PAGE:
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Lethbridge Herald Newspaper Archives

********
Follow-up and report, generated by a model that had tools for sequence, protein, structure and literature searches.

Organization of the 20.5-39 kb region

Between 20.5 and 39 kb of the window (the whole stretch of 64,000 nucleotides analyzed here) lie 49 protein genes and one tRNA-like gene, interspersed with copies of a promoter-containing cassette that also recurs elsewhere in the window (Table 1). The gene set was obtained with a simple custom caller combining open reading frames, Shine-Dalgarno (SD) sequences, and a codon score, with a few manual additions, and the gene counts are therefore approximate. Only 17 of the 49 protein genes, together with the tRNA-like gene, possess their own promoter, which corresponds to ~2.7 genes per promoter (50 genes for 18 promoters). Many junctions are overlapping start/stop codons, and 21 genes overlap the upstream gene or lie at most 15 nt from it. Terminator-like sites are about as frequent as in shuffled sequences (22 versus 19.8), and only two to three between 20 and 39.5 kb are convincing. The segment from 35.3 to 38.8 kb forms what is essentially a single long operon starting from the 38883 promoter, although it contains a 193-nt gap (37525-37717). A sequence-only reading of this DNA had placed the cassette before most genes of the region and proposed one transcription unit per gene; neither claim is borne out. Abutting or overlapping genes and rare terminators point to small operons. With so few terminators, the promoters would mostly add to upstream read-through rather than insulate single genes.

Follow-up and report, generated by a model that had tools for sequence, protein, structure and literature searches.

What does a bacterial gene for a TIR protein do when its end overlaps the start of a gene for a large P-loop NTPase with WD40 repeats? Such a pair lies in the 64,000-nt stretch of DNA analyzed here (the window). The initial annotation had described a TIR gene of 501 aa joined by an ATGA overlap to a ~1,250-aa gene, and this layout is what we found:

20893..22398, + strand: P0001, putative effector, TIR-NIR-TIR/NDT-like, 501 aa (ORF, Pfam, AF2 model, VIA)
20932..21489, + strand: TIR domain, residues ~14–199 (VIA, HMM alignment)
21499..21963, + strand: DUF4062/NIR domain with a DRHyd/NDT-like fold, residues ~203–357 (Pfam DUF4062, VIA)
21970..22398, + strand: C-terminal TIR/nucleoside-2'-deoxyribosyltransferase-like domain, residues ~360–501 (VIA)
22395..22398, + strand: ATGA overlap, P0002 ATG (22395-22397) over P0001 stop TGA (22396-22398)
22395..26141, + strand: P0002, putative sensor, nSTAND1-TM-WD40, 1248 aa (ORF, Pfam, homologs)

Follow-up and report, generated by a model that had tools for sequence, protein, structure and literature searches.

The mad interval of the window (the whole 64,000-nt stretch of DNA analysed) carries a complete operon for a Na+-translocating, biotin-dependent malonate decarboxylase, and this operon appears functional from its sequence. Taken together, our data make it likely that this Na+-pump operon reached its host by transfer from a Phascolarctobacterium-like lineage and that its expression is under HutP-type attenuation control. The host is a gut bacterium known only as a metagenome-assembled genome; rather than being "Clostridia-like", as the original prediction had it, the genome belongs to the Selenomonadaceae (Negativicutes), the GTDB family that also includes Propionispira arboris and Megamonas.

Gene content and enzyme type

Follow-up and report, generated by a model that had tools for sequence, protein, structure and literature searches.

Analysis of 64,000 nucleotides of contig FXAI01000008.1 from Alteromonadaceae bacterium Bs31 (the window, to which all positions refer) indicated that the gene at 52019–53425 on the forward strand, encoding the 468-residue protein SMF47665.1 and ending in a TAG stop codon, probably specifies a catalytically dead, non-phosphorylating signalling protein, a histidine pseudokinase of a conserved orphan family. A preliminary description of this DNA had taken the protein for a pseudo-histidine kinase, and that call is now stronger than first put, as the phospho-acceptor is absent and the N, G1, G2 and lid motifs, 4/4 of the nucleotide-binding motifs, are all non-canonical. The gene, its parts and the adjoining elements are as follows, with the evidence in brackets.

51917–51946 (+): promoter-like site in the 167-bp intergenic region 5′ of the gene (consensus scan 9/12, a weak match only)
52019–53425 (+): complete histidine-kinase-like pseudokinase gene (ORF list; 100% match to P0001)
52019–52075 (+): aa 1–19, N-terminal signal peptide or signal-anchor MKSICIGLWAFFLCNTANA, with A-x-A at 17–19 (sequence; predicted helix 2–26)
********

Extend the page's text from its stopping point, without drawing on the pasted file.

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Lethbridge Herald, The (Newspaper) - January 13, 1972, Lethbridge, Alberta 8 THE LtTHUIDOI HIXALD Thundoy, January 13, Despite expanded youth programs Students face tight summer labor market WHERE BODY FOUND A freezer sits in the back of a police truck in Toronto after being removed from a home in the suburb of North York. Four youths opened the sealed freezer and found the body of 34-year-old Grace Evelyn Todd inside. David Wilfred Todd the women's husband has been charged with non-capital murder. Cheaters will be nailed OTTAWA (CP) The Unem- ployment Insurance Commis- sion expects to collect as much as milioln by the end of the current fiscal year March 31 from workers who tried to cheat the fund. Don Millar, chief investigator for the commission, said in an interview Wednesday that be- tween April and November last year his branch uncovered over- payments of more than mil- lion. During that period, Mr. Mil- lar's benefit control branch ini- tiated investigations and caught individuals. The' most common form of cheating was by unempolyed workers who found work but continued to make bi-weekly declarations to the commission that they had no income other than their insurance benefits. COMPARES RECORDS The benefit control branch has a remarkably simple method for uncovering overpay- ments. Mr. Millar said it runs a continuous comparison between the records of contributions sub- mitted by employers and the national list of claimants. The comparison puts on the spot anyone who claimed to be unemployed during Uie period in which some employer claimed to be making contribu- tions to the fund on his behalf. The control branch also inves- tigates a certain percentage of all claims on a sample basis. A cheating claimant is liable to prosecution in a provincial court and, upon conviction, to a fine of up to or six months in jail or both. By GERARD McNEIL OTTAWA (CP) Although federal spending on summer programs for youth will be ex- panded this summer. ruidrede of thousands of students again face a tight labor market. "It's not source close to State Secretary Gerard Pelle- tier says of the coming summer employment picture for stu- dents. Mr. Felletier Is expected1 to announce Thursday an over-all spending program in the million from last summer's million. The target will be jobs. About were made avail- able last summer. Once again the centre-piece will be the Opportunities for Youth program, expected to have a budget of more than million, compared with million last year. PROJECTS VARY Opportunities for Youth fi- nanced youth-initiated pro- grams in from help to the elderly to pollution removal created jobs. Much criticized at the outset as a jimcrack program in which funds would be wasted, it drew enthusiastic praise as the re- sults became apparent. Ironically the most staying criticism has come from Mr. Polletier himself, who has said the program was of most bene- fit to middle-class students but left "poorly-educated young workers in jobs of grinding boredom or frustration or no jobs at all." This criticism was echoed Tuesday by New Democrat Leader David Lewis. He said Opportunities for Youth is a I worthwhile approach, but it should be extended to non-stu- dents and made available all' year. In a broad way, the Opportun- ities for Youth idea has been in- corporated by the manpower de- partment in its current mil- lion Local Initiatives Program, which aims at creating winter jobs. Running lire LIP program Is Cam Mackie, 34, the same man who directed Opportunities for Youth last summer. JOB LACK CHRONIC His successor in for youth is Michel Bourdon, 28, author of a report on youth commissioned by Mr. Pelletier and nude public in September. The youth report noted that un- employment in the age group has become chronic and proposed creation of a youth employment directorate to pro- vide solutions. Summer Jubs, it said, no longer ara able to finance an education for most students. And youth ill general wu bear- ing the brunt of unemployment Meanwhile, government sources say that while the Op- portunities for Youth program may be around for a while, it Is no more than a helpful re- sponse. It doesn't really solve the over-all problem. Government is encouraging universities to adopt a trimester which the student holidays would be staggered. Instead of a summer vacation for ewryone, two thirdi of the students would be In university while one-third were on holiday my period. IMPACT LIGHT Even if the labor market picked up considerably this summer, the impact for stu- dents would not be considerable, It Is said. Federal projections are that the labor ma let may stabilize this summer but jobs aren't likely to increase. The problem isn't likely to end suddenly even if the econ- omy becomes rosy, because it is based heavily in population trends. The birth nte Increased steadily In the 1950s, culminat- ing In Canada's all-time high of live, births in 1959, then beginning a downward tread thai biiil continues. This should put pressure on the labor market for youth for some years yet-even a booming it ac- counts for the search for ways to spread the Impact. PROBLEM SPECIAL Mr. Leva said unemployment among youths has become a special problem requiring addi- tional measures to cope with it. He referred to December em- ployment figures that showed unemployment In the 14-24 age group at 11 per cent, compared with the 6.2 per cent over-ill figure. Last spring, be reminded, youths In this bracket were unemployed in before the labor market flooded with students. The rate was 12.3 on a seasonally-ad- justed basis and had dropped only fractionally to 12.2 per cost by September. He said government should focus efforts on providing jobs for youths who need money to support themselves or their families or to finance an educa- tion. Political refugees safe in Egypt By ASSEM HASSAN CAIRO (Reuter) An esti- mated political refugees, Including deposed kings, ex- presidents, former prime minis- ters and would-be revolution- aries, are liriing in Egypt. Some of them were Egypt's enemies while in power. But they remain unmolested, sup- ported in many cases by gov- ernment grants. Tlie grants range from about to a month, according to their status. Egypt has played a traditional role as a place of asylum and history records no case of a po- tical refugee being handed over to his enemies. Even if Sie refugee's enemies are Egypt's friends, he will be safe. Ex-long Idris of Libya is one such example. The aged king, who fled to Egypt in 1969, was condemned to death in ab- sentia in November 1971 by a revolutionary court under Li- bya's new head of state Col. Muhammer Gaddafi. HAS NO FEAR Althougl- Egypt Is Libya's close ally in a tripartite federa- tion with Syria, the long, who lives quietly and obsucely in a villa in suburban Heliopolis, will be allowed to spend the rest of his days in peace with DO fear of extradition, Perhaps the first displaced person to achieve fame in Egypt In biblical days, was the prophet Joseph, son of Jacob, Although told Into bondage he later gained the Pharaoh's favor and became the world's first knovn finance minister. The Greek philosopher Plato spent some years in Egypt dur- ing his exile after the execution of his teacher Socrates early in the fourth century B.C. Before (he 1952 revolution in Egypt when King Farouk was deposed, Egypt was a home for many of Europe's ousted mon- archs including ex-king Zog of Albania. African nationalists in recent times have turned to Egypt. Many from Tunisia, Algeria and Morocco lived there In pre-revo- lutionaiy days, among them President Habid Bourguiba of Tunisia and former Algerian leader Ahmed Ben Bella. One of the most dramatic ref- ugee episodes In recent years involved the former Jordanian premier, Brig. Mohammed Daoud, who was prime minister during the bloody clashes be- tween Jordanian troops and Pal- estinian guerrillas In September 1970. He came to Cairo for an Arab summit and then disappeared. A resignation note waa found in the bedroom of his Cairo hotel: He later emerged from hiding and is still living in Cairo. However some of the political refugees have caused Egypt some embarrassment. Former Iraqi premier Aref Abdel Hazek is one. He led two attempted pro-Nasser coups against the late Iraqi president Abdel Salem Aref. Although Nasser enjoyed good relations with President Aref he could not refuse Razek asylum. Razefc is still here. Indian group angered at government program By STUART LAKE OTTAWA (CP) The Na- tional Indian Brotherhood is an- gered by reports that the Indian affairs department has been given most of the responsibility for the Indian cultural-educa- tional program. In a news release the brother- hood said the million set aside for the program would be wasted by tie department be- cause of Us policy to do away with Indian schools and place Indian students in provincial classrooms. Until last week the responsi- bility for the program was shared equally by the Indian af- fairs department and the secre- tary of state. The program is aimed at having Indian com- munities organize educational programs according to their own cultural and social needs. Educational centres, such as the one proposed by Alberta leader Harold Cardinal, would "get Indian content into school programs and then if suc- cessful, would be turned over to the full-time said the brotherhood. SAY PROGRAMS DOOMED Indian leaders say that (hey have been able to get along much better wW) the secretary of state department, but Indian affairs officials, in contrast, im- posed strict1 control over pro- grams and funds, in many cases dooming the programs to fail- "What will happed now to the originally-desirable program is anybody's said the brotherhood. "It is our conviction that the education section of the Indian affairs department will waste the million in their assimil- ation oriented adult education program and disperse insignifi- cant uifeqruently, to usecsls projects acceptable to their policies." The news release said Mr. Cardinal has tried to warn the Commons Indian affairs mittee of his concern that the program was being placed in danger by the Indian affairs de- partment. "It is our belief that the min- ister of Indian affairs Mr. Chre- tien, because of his scandalous role in this whole affair, should have his position and portfolio re-evaluated by the cabinet." ALBERT'S ANNUAL Each year we reduce the prices on the regular stock of branded lines we carry. This Is our way of saying THANK YOU' for your patronage! WOOL DRESS TOP COATS BREASTED OVERCOATS Reg. to 75.00 NOW, EACH SUIT CLEARANCE SHIRT CLEARANCE ONE GROUP DRESS AND SPORT SHIRTS Reg. to EACH FORTREL KNIT SHIRTS Anorltd StylM NOW Braaifcd er Fertril REDUCED! BLAZERS AND SPORT COATS LINED GLOVES 9 LONGS AND COMBS. FLANNEL PYJAMAS t ONLY Reg. 49.50. NOW, EACH Rtg. to 59.00. NOW, EACH EXTRA SPECIAL! 100% WOOl PANTS HIPSTERS STOVEPIPES Siztt 28 to 32 Reg. 19.95. PAIR FOR JANUARY CLEARANCE ONE GROUP OF DRESS WASH PANTS Now off SWEATERS Bulky pullovtri and Cardigan! Ski Cardigans and Turtlei and ikinny ribt All ttylei in weal and mohair NOW 20% -25% and K off COMPLETE STOCK WOOL DRESS PANTS NOW OPEN THIS MONTH DAILY 9 A.M. TO P.M. THURSDAY and FRIDAY 9 A.M. TO 9 P.M. ALBERT'S MEN'S APPAREL ALL SALES CASH OR CHAROEX 331 ST. S. ALTERATIONS ARE EXTRA PHONE 327-1610 At Albert's we care fiow you lookl ;